Celebrating SNL's Funniest Women

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There’s a highly anticipated star-studded event coming up—and no, we’re not talking about the Oscars or Fashion Week. The 40th anniversary of Saturday Night Live is this weekend. The show has introduced the world to some of the best comedians in history—including some of the funniest women ever, such as Joan Cusack, Jane Curtin, and Julia Louis-Dreyfus.

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Jane Curtin challenged boundaries as a cast member on Saturday Night Live.

It used to be that female entertainers could be funny or pretty—you couldn’t be both. In 1929, Lucille Ball began her career in show business as a model. Phyllis Diller, on the other hand, wore cartoonish costumes and outlandish makeup while performing, but when the Playboy editors thought it’d be funny to get an unsexy woman like her to pose on the centerfold, the joke was on them: the photos had to be scrapped because underneath the hideous costume, Diller was a babe. She was too sexy for Playboy: “I was hot as a pistol in the ’60s, and they thought I was skinny. Well, I never was bony-ugly skinny — I was shaped like a lady, and I actually had big t-ts! — so I wasn’t what they were looking for at all,” she told TVGuide.com in 2006. It’s no surprise that Joan Rivers once said, “Men find funny women threatening. They ask me, ‘Are you going to be funny in bed?’”

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Gilda Radner playing recurring character Roseanne Roseannadanna on Saturday Night Live.

When Lorne Michaels created SNL in 1975, the female cast members—with Gilda Radner as the first female hire—were more of the supporting players. Oftentimes, when the sketch needed a female character, a man in drag was used instead. Tim Meadows portrayed Oprah Winfrey, Kenan Thompson was Whoopi Goldberg, and who can forget David Spade, Chris Farley, and Adam Sandler as the Gap girls? Many of the female-led sketches enhanced their frumpiness rather than their looks. Gilda Radner’s infamous Roseanne Roseannadanna character was brash, unabashedly revealing about body functions, with garish makeup and hair that looked like she put her finger in a socket.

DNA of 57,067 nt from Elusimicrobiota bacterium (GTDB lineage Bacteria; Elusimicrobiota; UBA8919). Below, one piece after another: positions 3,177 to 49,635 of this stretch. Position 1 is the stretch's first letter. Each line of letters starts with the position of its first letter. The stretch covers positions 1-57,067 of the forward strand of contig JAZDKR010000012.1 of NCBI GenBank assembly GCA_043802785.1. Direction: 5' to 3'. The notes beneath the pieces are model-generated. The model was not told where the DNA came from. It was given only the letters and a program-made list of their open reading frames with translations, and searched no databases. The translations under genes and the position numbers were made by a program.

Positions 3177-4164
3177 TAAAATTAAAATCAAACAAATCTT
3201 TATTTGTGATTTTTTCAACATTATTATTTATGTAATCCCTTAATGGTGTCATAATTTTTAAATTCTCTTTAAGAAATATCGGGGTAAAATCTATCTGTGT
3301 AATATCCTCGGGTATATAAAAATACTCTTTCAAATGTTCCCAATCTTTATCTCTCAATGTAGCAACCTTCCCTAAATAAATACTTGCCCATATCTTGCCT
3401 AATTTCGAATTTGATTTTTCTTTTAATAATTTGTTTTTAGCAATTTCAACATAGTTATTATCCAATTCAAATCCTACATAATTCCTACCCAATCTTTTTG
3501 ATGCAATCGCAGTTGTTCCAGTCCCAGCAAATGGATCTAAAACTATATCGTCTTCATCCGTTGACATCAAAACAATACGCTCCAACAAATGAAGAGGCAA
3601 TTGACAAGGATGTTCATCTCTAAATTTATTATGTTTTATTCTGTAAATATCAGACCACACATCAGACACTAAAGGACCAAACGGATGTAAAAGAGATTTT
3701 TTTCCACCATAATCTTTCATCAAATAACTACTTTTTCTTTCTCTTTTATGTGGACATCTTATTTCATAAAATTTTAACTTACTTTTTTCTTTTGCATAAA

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But the scales were tipped in 1999 when a new era of strong, brilliant, and hysterical women began ruling the show. Tina Fey was named head writer of SNL and later the co-anchor of Weekend Update that year. Along with Rachel Dratch, Maya Rudolph, Amy Poehler and Kristen Wiig these women proved you could be pretty, too. Fey appeared on the cover of March 2010 Vogue and Poehler appeared on the February 2014 cover of Elle. No more and/or in the world of comedy.

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Both Fey and Poehler have written about beauty in their memoirs, Bossypants and Yes Please, respectively. Fey wrote, “If you retain nothing else, always remember the most important rule of beauty, which is: who cares?” Poehler also regularly doles out advice about confidence to young women and girls on her YouTube channel, Smart Girls

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Tina Fey and Amy Poehler played Sarah Palin and Hillary Clinton, respectively, on Saturday Night Live during the 2008 presidential elections.

To celebrate the amazing women on SNL, here are some of the funniest clips from Saturday Night Live—starring some of our favorite female comedians:

Weekend Update: Heather on Being a One-Dimensional Female Character (2014)

Cecily Strong plays a one-dimensional female character from a male-driven rom-com who re-enacts an entire movie in three minutes.

Sarah Palin and Hillary Clinton Address the Nation (2008)

During the 2008 presidential elections, Tina Fey as Sarah Palin and Amy Poehler as Hilary Clinton addressed sexist comments about women in politics.

Maya Angelou Prank Show (2012)

Maya Rudolph plays Maya Angelou in a prank show called “I Know Why The Caged Bird Laughs!” Every time she pranks someone, the victim has a moment of poetic enlightenment.

The Real Housewives of Disney (2012)

Lindsay Lohan, Kristen Wiig, Abby Elliott, Nasim Pedrad, and Vanessa Bayer star as the Disney Princesses in a parody of the Real Housewives franchise.

Nerd Prom (1978)

Gilda Radner plays a nerdy girl getting ready for high school prom and getting an awkward sex talk from her mom.

Mom Jeans (2003)

Tina Fey, Amy Poehler, Rachel Dratch, and Maya Rudolph star in a commercial for unflattering Mom Jeans—little did they know that normcore would become a trend and that Mom Jeans would be sold at Urban Outfitters.

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